This week I had planned to post a Chicken Tagine recipe that I make often, and it seems like one of those recipes we don’t get tired of. Few days ago I ran into a friend that told me how much she loves visiting my blog, but that the recipes are too complicated, or have ingredients she has never heard of. She told me she can cook, but she always cooks the same stuff she already knows. That made me think again about why I started to write Five Senses Palate. This blog is a personal project that I started as a compilation of my favorite recipes; to have a place to direct my friends when they asked me how to make something I made before. In all honesty I didn’t think that many people read my recipes. I know a handful of people that do, they tell me when they make something and how much they like it.
In any case, that conversation made me look back, at all the things that I told myself I wanted to accomplish with this way of journaling my kitchen adventures. I wanted to encourage people to try different things, and to show them step by step that it is easy to cook great meals at home. I don’t need a recipe to cook everyday meals, in fact, I must confess that I hardly ever follow a recipe. That was my first challenge, to learn how to put recipes together and word every step in a way you can follow. I even got myself The Recipe Writer’s Handbook, it has been very helpful. Another friend suggested that I should rate the recipe by levels of difficulty, I may start doing that, once I figure out a system that works. The thing is that I do like to challenge myself, and I guess in my journey I’ll be challenging you too. Get out of your comfort zone, try new things. Be adventurous, surprise yourself, and others. It will be fun and delicious at the same time. I promise!
Instead of going straight to my Chicken Tagine recipe, today I am posting how to make one of the ingredients that I have in my fridge at all times: Preserved Lemons. It has many different uses, I make it every time I am craving Chicken Tagine. Then I end up using it in many other things like salad dressing, on top of fish, or potatoes, I add it to pasta sauces. Ok, this one is very easy, you brine the lemons in their own juice, some aromatics, and salt for few weeks. I find that making my own preserved lemons is a lot cheaper than buying them at specialty stores. I’ll post more than one recipe using preserved lemons in the near future. Preserving lemons in this brine works like magic, making the lemon rind tartness mellow and bright. The super concentrated lemony flavor that it adds to your dishes will be totally worth the wait.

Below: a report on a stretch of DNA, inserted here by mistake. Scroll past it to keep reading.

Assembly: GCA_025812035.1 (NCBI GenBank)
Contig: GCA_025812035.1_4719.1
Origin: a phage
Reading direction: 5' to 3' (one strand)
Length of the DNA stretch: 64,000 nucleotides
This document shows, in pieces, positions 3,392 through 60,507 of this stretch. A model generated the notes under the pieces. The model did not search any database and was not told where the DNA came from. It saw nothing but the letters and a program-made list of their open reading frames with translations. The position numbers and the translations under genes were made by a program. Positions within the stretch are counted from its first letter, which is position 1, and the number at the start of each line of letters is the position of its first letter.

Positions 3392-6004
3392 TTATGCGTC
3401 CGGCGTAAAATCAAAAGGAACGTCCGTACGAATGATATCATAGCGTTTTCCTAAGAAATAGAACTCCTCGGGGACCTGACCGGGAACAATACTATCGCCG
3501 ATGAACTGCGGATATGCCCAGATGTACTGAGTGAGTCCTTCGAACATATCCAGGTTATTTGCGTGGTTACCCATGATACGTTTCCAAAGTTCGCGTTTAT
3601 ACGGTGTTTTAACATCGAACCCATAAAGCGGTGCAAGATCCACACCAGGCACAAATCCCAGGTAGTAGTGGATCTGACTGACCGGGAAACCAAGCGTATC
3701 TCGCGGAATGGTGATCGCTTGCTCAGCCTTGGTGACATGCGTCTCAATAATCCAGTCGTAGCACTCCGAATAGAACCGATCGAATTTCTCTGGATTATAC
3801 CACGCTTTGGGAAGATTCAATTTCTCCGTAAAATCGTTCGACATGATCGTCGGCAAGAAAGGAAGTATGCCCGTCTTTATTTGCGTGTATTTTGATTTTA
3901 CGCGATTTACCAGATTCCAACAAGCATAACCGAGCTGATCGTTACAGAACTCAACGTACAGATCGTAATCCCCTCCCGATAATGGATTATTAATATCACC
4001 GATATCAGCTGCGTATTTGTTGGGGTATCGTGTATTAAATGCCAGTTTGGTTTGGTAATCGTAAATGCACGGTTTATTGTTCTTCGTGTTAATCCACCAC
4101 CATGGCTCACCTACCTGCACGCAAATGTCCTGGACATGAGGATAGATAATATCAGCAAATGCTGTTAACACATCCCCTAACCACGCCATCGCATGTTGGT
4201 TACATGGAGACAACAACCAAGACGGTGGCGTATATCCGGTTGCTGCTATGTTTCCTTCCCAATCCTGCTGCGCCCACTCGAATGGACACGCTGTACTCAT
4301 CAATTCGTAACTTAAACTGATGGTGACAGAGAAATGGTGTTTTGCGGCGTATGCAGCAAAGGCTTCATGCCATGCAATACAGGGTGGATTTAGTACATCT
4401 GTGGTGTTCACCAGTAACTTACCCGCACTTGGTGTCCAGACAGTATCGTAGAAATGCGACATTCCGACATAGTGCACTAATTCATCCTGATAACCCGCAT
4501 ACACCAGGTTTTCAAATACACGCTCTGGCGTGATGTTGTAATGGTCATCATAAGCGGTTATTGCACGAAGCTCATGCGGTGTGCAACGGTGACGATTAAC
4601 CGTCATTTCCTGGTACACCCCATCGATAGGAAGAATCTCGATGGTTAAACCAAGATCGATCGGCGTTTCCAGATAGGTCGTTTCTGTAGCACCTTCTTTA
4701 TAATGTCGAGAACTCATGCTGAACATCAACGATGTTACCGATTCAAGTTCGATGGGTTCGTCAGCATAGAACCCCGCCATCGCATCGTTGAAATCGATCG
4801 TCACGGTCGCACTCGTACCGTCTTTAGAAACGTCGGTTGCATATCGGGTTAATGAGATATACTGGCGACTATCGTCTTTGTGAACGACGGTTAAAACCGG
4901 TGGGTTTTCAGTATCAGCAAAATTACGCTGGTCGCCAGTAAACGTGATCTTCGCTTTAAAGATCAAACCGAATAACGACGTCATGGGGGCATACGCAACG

In the kitchen there is no right or wrong. If you don’t have something, you can go ahead and substitute for something similar (unless you are baking, then it gets complicated). For the most part, just pour your heart out in the kitchen, and I am sure it will taste great even if it’s not an exact copy of a recipe!
You’ll need a 16 oz. glass jar.
3 Meyer lemons
2 tablespoons sea salt
5 whole peppercorn
1 bay leaf
Wash lemons, scrubbing the outside under running water. In a the glass jar, add 1 tablespoon salt , peppercorns, and bay leaf. Cut the end of 2 lemons, cut them in quarters length wise. Spoon the remainder salt all over the lemons, and rub with your finger tips. Place them inside the jar. Cut the last lemon in half and squeeze its juice in the jar. Fill the rest of the jar with water, until it reaches the top. Place the cover and shake. Keep in a dark place at room temperature for 2 to 4 weeks. I keep it in my pantry. Shake it daily, the salt will eventually be dissolved. After 2 or 3 weeks, when you are ready to use your lemons make sure to remove the seeds before using. After you open the jar, keep refrigerated. It will last a long time in the fridge although this is a small jar, compare to anything else I’ve found in books, and the web. This is what works for me, feel free to make as much as you want.
This recipe was adapted from the book Las Escapadas de Jamie by Jamie Oliver.